Today we wasted no time in making our way out from the centre. Walking the drab, familiar road out to Stonehouse we passed the long abandoned hotel, theatre and several other once impressive buildings where buddleia and weeds now grew from the abandoned walls and gutters, still supported by decaying wooden scaffolding following damage sustained over seventy years ago.

Ruins of the Grand Western Hotel in Union Street, Plymouth

Overgrown and long abandoned Grand Theatre, Union Street, Plymouth

We turned off near the marine barracks down a street of large seaside terraced houses to the tidal estuary. Every half hour, probably even from before my mother was born 92 years ago, a little ferry boat crosses the water back and forth between Plymouth and the gates of Mount Edgcumbe with its lovely gardens. The ferry is a lifeline into the city for those living across the water in the coastal villages, carrying them in to work or the shops during the week, and carrying Plymouth’s citizens out into the countryside and parkland of the Hall at weekends.

Squashed together in the stern of the little wooden vessel we crossed the water, chugging past the walls and gates of the Royal Victualling Yard. It always reminds me of a Canaletto painting. Upriver were moored several huge military vessels, either returned from manoeuvres or for repairs. Soon we’d moored to the wooden jetty and we found ourselves stepping onto Cornish soil. Strange the way it still feels like another land with its own character.

Crossing the Tamar on the Cremyl ferry, Plymouth

Approaching Mount Edgcumbe, Cornwall

Royal Victualing Yard, Stonehouse, Plymouth

Plymouth marina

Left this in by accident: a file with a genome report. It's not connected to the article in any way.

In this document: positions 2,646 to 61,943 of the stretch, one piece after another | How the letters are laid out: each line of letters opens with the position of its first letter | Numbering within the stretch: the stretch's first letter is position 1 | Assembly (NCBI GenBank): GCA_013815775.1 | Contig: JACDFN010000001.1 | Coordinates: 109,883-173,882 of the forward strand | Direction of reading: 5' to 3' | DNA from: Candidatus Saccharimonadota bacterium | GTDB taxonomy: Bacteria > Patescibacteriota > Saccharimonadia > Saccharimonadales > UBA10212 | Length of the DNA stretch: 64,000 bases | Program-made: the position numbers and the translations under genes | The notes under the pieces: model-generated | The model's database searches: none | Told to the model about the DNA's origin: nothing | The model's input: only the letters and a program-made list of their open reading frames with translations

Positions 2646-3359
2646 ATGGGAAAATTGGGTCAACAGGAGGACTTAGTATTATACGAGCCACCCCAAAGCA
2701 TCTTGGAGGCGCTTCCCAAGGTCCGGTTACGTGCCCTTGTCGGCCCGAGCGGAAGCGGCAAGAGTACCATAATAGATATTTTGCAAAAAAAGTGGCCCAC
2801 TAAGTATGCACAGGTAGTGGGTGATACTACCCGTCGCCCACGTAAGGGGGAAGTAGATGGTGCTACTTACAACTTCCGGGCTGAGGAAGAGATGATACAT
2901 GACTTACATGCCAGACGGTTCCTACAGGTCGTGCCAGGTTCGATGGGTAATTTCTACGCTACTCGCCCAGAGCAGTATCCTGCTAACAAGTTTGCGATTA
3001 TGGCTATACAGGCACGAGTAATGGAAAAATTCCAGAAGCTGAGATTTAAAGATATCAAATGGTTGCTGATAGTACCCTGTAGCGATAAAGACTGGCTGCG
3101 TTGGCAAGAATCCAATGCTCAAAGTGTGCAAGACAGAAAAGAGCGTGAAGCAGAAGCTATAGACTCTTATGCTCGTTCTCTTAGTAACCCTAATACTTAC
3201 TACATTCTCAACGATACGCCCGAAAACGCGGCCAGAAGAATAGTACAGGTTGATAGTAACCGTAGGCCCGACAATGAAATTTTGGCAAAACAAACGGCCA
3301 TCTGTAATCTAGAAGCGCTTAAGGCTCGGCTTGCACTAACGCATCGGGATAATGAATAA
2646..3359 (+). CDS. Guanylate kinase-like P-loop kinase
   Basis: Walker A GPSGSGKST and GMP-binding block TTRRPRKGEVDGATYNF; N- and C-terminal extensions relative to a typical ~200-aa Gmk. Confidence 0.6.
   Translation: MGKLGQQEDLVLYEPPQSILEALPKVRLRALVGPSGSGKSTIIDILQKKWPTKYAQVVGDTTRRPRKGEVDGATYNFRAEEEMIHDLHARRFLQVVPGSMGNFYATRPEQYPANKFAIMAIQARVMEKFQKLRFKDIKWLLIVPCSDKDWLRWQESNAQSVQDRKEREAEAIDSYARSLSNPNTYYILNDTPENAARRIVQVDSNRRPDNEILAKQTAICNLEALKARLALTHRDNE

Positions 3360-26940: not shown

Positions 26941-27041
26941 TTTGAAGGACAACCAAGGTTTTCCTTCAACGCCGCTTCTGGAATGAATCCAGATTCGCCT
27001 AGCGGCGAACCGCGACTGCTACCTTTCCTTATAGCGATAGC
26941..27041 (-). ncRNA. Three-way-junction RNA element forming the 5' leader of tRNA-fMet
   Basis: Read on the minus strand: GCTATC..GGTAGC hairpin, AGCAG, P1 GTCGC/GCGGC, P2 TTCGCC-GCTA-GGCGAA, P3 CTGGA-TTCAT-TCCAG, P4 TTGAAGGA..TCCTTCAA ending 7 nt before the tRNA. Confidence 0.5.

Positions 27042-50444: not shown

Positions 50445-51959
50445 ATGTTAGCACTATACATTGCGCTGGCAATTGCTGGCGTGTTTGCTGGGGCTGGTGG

Once busy Devonport ship yard, Plymouth

Arriving at Cremyl, Cornwall

Our ferry moors at Cremyl. Plymouth in the background

Ferry clock, Cornwall. “Dost thou love life? Then do not squander time

The bus was waiting and within minutes we were driving steeply up from the river, following narrow lanes through lovely countryside, skirting the grounds of the Edgcumbe estate until we were deposited just above the villages of Kingsand and Cawsand. These two villages are inseparable except in name. We walked down between the close-packed rows of cottages to the beach where we sat drinking in the view and remembering happy summer days spent on this same beach with our children as they played in the limpid clean salt water, gathered shells and tiny crabs and got smothered in course dark damp sand. Our family treat here was ice-cream before setting off for the three miles walk back to the ferry through the Edgcumbe Estate. Why break a family tradition?

Village centre, Cawsand, Cornwall

Cawsand Beach, Cornwall

Kingsand seen from Cawsand, Cornwall

After washing the final sticky bits from our hands in the sea we followed the sea wall along to Kingsand, past the original county boundary that once separated Devon from Cornwall, and steeply up through the tiny streets of Kingsand until we reached the estate of Mount Edgcumbe.

Original county boundary between Devon and Cornwall, Kingsand, Cornwall

Typical painted stone cottage in Kingsand

Initially the path lead us through open grassland until passing through a gate we found ourselves brushed by ferns and brambles that overgrew the path. Here there were ripening blackberries and all kinds of wild fungi. Through the trees the sea reflected back, an iridescent blue dotted with the white sails of tiny yachts offshore. Soon we’d entered the formal woodland of the park. It was dense, cool and shady. Down beside the sea we could see, through the trees, the restored former ruin of Picklecombe Fort, now converted into luxury apartments with a tiny road leading down to it.

Picklecombe Point, Mount Edgcumbe Estate, Cornwall

View towards Plymouth Sound, Edgcumbe Estate, Cornwall